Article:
Breast-beating is a pretty well established ritual gesture, and it seems to me that more stuff like that would make for a richer ritual experience. Jews beat the breast during the Amidah and elsewhere. I have observed that Catholics like to make fun of liturgical dance, perhaps because of the particular forms it takes (and perhaps because white middle class Americans are embarrassed by dancing in general), but it seems to me that the absence of dancing means the absence of what has otherwise been a pretty ubiquitous ritual act. Obsviously, breast-beating isn't dancing, but moving is moving, and moving means a lot.

I have no problem with liturgical dance - but I refuse to "beat my breast"!    Too many negative associations from my childhood in the pre-Vat II church associated with that one.

Thanks to everybody who put in a word about the typology I tried out above.

To put my own cards on the table, I'd place myself at #4, which is also where most of the liturgical reformers at Vatican II (and their progeny in Catholic church circles) would place.

#1 and 2 have both been expressed or alluded to here by Crystal and Anne C. I'd add that churches influenced by Calvin or Zwingli would definitely claim #1. (Lutherans still have auricular confession on the books, as it were, but it is not used at all frequently nor is it a sacrament, so perhaps deserves it's own number... 1.5 perhaps?) #2 is really a composite of modern psychological-utilitarian readings of the sacraments and the theological position of #1.

Bill Mazzella's comment is a fine articulation of #3. This position represents the most liberal reading of modern reform directions, but does not owe anything really to the claims of the classic Protestant theological position at #1.

As George D. observed, most of us who grew up Catholic have a lot of familiarity with model #5. Popes John Paul II and Benedict, and I'm afraid Pope Francis as well, fall at #5, too, as did so many of the bishops at Vatican II that the antepreparatory commission didn't want to go there at all. JPII is an interesting case, because on the heels of Vatican II he approved quite a number of texts that support #4, and even furthered that theology in his own way. When push came to shove, however, clearly he was deeply uncomfortable with the implications of #4, and anxious to reaffirm the more familiar role of the priest and the individual sinner that the #5 description recognizes.

Traditionalists and those who remain suspicious of Vatican II have generally articulated the approach of #6. 

What is very interesting to me is how much the presupposition of individualism is shared between #1 and #6. Despite the fact that forgiveness is "mediated" in #6 and #5, it is as completely about the state of the individual soul before God as is #1 and #2. In other words, despite the most hostile opposition, they are talking about the same thing.

This makes sense historically, in that the Protestant reformation responded to the existing Catholic assumptions about penance which traditionalists of course are keen to maintain. The counter-reformation took up the same issues with a vengeance, and bore down on them, including the invention of the "box" (how individual can you get) and frequent confession as the way to holiness.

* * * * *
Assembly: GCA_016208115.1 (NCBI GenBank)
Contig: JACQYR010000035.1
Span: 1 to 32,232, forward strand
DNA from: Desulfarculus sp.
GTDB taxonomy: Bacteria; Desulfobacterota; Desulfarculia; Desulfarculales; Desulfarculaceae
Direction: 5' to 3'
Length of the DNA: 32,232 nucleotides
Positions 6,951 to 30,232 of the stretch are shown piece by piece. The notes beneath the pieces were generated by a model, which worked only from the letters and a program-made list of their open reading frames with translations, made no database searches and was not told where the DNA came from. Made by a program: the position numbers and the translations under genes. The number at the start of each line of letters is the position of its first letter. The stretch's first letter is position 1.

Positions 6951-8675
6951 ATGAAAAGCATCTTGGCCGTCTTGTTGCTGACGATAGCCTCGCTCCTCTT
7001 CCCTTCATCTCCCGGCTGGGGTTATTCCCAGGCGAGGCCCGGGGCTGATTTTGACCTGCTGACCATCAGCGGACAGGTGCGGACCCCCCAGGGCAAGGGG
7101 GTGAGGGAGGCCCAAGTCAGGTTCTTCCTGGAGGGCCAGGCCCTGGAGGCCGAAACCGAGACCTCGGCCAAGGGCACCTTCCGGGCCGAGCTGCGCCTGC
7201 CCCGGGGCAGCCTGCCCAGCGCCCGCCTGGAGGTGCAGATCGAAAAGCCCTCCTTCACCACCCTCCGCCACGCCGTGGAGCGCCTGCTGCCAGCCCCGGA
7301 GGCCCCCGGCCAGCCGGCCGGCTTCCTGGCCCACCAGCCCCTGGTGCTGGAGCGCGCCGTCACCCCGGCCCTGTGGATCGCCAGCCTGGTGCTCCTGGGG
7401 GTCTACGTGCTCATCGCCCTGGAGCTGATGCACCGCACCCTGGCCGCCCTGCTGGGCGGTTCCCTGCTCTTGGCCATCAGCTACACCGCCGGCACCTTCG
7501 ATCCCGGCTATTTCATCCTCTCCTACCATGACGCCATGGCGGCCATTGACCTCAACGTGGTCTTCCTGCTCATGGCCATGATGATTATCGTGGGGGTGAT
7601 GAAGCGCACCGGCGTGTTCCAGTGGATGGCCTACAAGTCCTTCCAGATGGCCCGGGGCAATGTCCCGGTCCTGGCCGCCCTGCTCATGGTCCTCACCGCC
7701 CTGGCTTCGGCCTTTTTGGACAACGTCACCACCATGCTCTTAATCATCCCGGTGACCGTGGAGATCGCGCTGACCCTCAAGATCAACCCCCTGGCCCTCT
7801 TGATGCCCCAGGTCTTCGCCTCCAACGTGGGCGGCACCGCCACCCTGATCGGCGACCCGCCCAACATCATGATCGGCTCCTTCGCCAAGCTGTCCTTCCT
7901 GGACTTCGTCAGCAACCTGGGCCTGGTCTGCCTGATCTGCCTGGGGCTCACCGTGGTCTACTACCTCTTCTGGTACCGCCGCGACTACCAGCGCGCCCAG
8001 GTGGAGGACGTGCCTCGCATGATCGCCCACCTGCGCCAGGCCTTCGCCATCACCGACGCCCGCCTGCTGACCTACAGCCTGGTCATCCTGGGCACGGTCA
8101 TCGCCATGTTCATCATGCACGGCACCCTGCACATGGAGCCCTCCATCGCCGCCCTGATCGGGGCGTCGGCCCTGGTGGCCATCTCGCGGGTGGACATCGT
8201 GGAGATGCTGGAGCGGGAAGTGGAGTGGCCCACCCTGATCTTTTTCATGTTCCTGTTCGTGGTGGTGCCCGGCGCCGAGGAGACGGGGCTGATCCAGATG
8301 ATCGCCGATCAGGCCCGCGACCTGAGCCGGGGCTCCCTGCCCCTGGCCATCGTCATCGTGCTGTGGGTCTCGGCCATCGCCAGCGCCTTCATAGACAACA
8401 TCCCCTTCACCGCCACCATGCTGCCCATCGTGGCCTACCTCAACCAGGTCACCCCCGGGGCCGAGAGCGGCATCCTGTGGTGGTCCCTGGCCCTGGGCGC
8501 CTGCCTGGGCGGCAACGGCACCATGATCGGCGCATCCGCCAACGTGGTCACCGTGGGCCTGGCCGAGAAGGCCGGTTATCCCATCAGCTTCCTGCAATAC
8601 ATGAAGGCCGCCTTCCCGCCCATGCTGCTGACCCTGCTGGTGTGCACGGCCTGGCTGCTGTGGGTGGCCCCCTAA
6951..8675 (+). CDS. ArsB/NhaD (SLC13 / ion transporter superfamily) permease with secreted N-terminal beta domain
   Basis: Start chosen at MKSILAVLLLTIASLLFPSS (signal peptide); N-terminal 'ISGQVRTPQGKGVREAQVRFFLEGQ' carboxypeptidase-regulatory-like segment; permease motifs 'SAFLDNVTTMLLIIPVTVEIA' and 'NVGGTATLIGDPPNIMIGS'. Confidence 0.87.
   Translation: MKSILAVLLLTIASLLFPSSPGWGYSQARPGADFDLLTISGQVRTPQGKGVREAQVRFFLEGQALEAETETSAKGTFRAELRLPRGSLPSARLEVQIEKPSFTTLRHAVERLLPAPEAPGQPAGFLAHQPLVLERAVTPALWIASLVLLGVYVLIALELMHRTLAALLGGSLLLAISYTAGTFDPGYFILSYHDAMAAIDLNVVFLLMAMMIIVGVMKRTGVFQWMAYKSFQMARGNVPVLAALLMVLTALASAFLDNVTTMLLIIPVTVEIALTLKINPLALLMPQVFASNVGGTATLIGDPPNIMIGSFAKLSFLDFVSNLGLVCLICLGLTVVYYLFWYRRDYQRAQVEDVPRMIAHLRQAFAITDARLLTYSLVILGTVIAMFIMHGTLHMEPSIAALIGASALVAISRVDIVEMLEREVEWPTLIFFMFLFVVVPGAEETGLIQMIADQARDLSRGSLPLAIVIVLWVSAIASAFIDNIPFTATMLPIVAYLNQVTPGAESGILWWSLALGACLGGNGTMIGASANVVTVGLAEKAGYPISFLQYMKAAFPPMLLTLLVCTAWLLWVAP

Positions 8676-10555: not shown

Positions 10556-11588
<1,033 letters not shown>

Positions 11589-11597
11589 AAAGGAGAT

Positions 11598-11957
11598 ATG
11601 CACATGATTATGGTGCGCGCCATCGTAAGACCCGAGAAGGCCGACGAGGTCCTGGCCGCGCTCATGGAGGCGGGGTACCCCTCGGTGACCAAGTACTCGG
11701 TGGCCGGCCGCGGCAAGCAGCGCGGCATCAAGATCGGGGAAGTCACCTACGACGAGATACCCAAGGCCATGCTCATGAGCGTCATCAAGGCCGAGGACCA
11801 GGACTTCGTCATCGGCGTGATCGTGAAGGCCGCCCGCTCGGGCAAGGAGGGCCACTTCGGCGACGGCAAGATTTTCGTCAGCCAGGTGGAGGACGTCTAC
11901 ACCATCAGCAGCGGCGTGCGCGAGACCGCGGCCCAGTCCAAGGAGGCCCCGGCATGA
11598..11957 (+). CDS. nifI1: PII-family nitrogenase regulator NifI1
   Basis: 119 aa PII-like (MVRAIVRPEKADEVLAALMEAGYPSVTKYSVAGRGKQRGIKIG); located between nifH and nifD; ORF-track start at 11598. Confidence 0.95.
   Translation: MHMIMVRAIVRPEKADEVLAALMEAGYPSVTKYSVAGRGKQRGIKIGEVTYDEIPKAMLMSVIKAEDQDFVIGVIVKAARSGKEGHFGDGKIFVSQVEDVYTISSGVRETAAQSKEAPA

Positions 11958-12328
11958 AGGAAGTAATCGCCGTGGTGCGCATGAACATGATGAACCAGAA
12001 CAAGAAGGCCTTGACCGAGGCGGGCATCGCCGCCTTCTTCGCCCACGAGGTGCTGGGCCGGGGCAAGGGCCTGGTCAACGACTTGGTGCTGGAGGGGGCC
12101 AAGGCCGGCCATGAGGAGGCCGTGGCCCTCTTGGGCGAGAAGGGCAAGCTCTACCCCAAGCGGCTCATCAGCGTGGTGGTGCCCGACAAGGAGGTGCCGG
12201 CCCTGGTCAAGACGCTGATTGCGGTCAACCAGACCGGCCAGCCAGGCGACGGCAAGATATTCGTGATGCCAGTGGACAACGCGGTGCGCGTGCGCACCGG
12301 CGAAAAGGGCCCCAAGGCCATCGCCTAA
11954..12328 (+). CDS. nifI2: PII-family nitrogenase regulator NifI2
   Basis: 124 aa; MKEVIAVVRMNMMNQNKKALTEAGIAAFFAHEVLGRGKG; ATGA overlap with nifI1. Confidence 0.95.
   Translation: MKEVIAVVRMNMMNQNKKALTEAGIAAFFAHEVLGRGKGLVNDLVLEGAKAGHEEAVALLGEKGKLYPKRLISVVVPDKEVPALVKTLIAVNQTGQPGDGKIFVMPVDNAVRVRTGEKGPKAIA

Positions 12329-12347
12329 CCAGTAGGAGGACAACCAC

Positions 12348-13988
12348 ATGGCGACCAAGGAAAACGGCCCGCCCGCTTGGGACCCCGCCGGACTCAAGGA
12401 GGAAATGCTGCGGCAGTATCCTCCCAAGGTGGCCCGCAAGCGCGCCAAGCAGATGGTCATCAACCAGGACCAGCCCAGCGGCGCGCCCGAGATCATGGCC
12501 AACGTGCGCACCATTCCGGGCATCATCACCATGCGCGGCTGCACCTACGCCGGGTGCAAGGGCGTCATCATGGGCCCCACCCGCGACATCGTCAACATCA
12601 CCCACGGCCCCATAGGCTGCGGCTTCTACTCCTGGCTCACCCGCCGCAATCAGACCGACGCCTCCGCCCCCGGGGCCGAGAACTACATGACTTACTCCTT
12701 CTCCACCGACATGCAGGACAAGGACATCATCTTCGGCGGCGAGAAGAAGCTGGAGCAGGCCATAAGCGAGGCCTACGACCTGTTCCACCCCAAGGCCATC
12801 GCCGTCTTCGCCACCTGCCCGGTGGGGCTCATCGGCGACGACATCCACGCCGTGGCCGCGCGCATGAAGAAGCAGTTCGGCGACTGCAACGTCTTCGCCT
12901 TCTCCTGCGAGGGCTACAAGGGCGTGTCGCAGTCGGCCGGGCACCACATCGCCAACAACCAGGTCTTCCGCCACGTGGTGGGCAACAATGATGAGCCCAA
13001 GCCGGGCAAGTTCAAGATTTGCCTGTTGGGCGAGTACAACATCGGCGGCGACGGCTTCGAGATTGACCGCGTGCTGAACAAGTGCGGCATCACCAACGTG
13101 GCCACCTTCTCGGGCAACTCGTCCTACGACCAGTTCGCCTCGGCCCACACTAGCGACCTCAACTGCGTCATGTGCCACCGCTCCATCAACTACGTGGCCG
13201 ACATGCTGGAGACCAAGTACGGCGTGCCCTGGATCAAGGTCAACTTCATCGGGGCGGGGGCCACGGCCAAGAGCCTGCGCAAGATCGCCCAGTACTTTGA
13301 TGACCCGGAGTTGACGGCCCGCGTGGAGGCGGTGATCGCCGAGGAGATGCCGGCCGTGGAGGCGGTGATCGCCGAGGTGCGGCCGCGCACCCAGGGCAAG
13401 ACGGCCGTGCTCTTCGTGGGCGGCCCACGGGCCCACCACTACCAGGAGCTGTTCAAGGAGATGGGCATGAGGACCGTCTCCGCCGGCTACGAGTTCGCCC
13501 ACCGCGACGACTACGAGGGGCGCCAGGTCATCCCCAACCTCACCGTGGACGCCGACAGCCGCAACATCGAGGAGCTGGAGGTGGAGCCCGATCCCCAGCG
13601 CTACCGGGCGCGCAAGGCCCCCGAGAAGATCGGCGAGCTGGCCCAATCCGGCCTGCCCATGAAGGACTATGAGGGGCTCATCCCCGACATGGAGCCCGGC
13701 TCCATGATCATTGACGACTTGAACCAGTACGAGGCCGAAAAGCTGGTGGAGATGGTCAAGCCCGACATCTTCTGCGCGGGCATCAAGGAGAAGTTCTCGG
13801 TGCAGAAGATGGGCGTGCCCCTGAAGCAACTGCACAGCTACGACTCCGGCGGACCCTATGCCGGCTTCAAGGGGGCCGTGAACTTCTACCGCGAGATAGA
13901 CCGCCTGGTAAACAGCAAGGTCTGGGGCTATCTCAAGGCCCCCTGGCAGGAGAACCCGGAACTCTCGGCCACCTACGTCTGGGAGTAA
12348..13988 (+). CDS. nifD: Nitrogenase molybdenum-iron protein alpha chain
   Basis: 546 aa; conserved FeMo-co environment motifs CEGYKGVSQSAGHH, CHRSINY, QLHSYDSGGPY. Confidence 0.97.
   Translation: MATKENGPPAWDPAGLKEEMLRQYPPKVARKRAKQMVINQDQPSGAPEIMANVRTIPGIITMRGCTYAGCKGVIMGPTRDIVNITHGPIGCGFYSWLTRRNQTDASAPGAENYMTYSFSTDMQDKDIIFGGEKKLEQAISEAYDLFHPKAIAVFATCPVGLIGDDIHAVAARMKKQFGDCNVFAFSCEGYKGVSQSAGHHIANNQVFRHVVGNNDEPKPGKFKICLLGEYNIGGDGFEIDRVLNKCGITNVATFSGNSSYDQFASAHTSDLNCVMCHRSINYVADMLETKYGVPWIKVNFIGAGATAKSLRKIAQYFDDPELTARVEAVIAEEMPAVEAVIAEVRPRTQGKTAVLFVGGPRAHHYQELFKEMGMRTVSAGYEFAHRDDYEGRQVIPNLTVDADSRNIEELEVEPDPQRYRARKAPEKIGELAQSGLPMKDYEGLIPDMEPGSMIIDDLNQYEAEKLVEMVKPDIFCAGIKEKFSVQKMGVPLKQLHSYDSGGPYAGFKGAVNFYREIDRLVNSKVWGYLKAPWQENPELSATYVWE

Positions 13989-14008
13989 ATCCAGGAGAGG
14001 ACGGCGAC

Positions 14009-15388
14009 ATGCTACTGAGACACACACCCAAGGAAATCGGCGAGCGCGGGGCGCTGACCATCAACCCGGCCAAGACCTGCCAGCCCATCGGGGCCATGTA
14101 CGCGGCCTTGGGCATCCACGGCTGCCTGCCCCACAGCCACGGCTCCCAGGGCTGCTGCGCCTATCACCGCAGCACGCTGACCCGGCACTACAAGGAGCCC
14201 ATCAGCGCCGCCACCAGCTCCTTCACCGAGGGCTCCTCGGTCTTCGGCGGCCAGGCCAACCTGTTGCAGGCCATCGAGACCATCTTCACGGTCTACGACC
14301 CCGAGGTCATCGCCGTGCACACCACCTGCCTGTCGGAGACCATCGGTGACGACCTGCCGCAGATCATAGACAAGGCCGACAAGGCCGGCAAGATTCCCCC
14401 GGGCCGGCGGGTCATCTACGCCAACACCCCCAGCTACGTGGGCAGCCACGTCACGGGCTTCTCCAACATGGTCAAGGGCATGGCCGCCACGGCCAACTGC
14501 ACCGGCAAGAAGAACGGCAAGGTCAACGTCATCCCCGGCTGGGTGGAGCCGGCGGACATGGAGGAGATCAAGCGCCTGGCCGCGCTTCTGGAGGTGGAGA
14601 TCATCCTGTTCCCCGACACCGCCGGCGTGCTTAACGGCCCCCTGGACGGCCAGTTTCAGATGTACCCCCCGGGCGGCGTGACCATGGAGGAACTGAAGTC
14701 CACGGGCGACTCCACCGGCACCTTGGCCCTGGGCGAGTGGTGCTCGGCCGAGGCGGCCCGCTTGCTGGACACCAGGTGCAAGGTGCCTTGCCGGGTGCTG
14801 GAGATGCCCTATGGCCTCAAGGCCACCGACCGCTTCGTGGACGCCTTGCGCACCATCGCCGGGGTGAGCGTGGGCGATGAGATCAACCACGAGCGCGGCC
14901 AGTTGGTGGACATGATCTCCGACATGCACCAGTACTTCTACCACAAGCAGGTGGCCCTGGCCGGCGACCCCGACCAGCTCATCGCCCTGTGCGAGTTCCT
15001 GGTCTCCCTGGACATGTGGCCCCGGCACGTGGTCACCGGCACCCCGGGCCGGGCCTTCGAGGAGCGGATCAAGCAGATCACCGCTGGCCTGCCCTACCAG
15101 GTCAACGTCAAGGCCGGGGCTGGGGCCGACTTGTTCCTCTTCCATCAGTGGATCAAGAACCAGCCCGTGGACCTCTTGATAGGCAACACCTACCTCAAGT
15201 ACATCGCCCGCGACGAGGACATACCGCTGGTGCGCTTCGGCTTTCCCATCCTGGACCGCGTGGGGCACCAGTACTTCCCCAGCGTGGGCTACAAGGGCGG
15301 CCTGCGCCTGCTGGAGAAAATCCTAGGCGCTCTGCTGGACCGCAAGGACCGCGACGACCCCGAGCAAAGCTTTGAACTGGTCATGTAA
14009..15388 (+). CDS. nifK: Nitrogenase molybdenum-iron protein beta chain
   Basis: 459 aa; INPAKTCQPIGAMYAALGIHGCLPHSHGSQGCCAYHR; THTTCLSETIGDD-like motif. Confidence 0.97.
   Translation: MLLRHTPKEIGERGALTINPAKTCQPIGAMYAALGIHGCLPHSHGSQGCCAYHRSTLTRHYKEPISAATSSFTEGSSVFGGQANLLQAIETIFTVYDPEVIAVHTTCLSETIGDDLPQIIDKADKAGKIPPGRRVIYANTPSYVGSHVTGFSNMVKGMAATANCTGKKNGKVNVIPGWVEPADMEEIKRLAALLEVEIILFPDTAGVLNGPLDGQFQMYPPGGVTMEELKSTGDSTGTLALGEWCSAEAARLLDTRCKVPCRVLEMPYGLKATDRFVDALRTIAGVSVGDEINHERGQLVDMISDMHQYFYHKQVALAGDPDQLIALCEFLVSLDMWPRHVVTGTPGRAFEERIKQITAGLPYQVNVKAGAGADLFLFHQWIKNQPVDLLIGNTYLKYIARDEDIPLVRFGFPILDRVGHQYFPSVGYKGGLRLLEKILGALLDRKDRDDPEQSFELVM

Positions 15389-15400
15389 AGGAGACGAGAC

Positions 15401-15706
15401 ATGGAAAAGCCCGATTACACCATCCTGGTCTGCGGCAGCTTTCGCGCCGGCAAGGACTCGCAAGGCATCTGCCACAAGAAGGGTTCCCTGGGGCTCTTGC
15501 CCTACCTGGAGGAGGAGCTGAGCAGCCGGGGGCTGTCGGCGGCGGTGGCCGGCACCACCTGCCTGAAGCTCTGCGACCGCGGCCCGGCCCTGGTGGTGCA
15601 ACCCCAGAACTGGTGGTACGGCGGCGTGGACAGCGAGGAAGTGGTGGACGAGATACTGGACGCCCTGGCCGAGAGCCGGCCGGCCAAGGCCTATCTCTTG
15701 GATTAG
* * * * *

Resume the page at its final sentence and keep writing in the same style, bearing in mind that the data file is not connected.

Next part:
More importantly, however, I think it also shows the power of ressourcement to actually open up the questions from a different direction, productive of fresh theological insights and possible ways out of the impasse created by the conflicts of the sixteenth century. #3 and 4 in different ways represent a development that changes the landscape, istm, in some fascinating ways.

Here's an article about Confession from Christianity Today -- on why it's a good thing.  About the need for a priest and giving absolution --  here are some texts that support the practice:

"And it has made me think that speaking our sin out loud is not meant to be punitive or discouraging. But rather, that "where two or three are gathered in Jesus' name," there he is in our midst (Matthew 18:20)."

" He breathed on them and said to them, "Receive the Holy Spirit. "If you forgive the sins of any, their sins have been forgiven them; if you retain the sins of any, they have been retained."

"So Jesus said to them again, "Peace be with you; AS THE FATHER HAS SENT ME, I ALSO SEND YOU." And when He had said this, He breathed on them and said to them, "Receive the Holy Spirit. IF YOU FORGIVE THE SINS OF ANY, THEIR SINS HAVE BEEN FORGIVEN; IF YOU RETAIN THE SINS OF ANY, THEY HAVE BEEN RETAINED." (John 20:21-23, NASB)"

 

Here's another reason that the author recommends.  I think she's right, about me anyway:

"Also, there is the gain in self-knowledge: most of [us] have never really faced the facts about ourselves until we uttered them aloud in plain words, calling a spade a spade.  I certainly feel I have profited enormously by the practice."

 

And here's yet another reason from Scripture:

"And it has made me think that speaking our sin out loud is not meant to be punitive or discouraging. But rather, that "where two or three are gathered in Jesus' name," there he is in our midst (Matthew 18:20)."

Nothing like a Protestant for finding Scriptural support :-)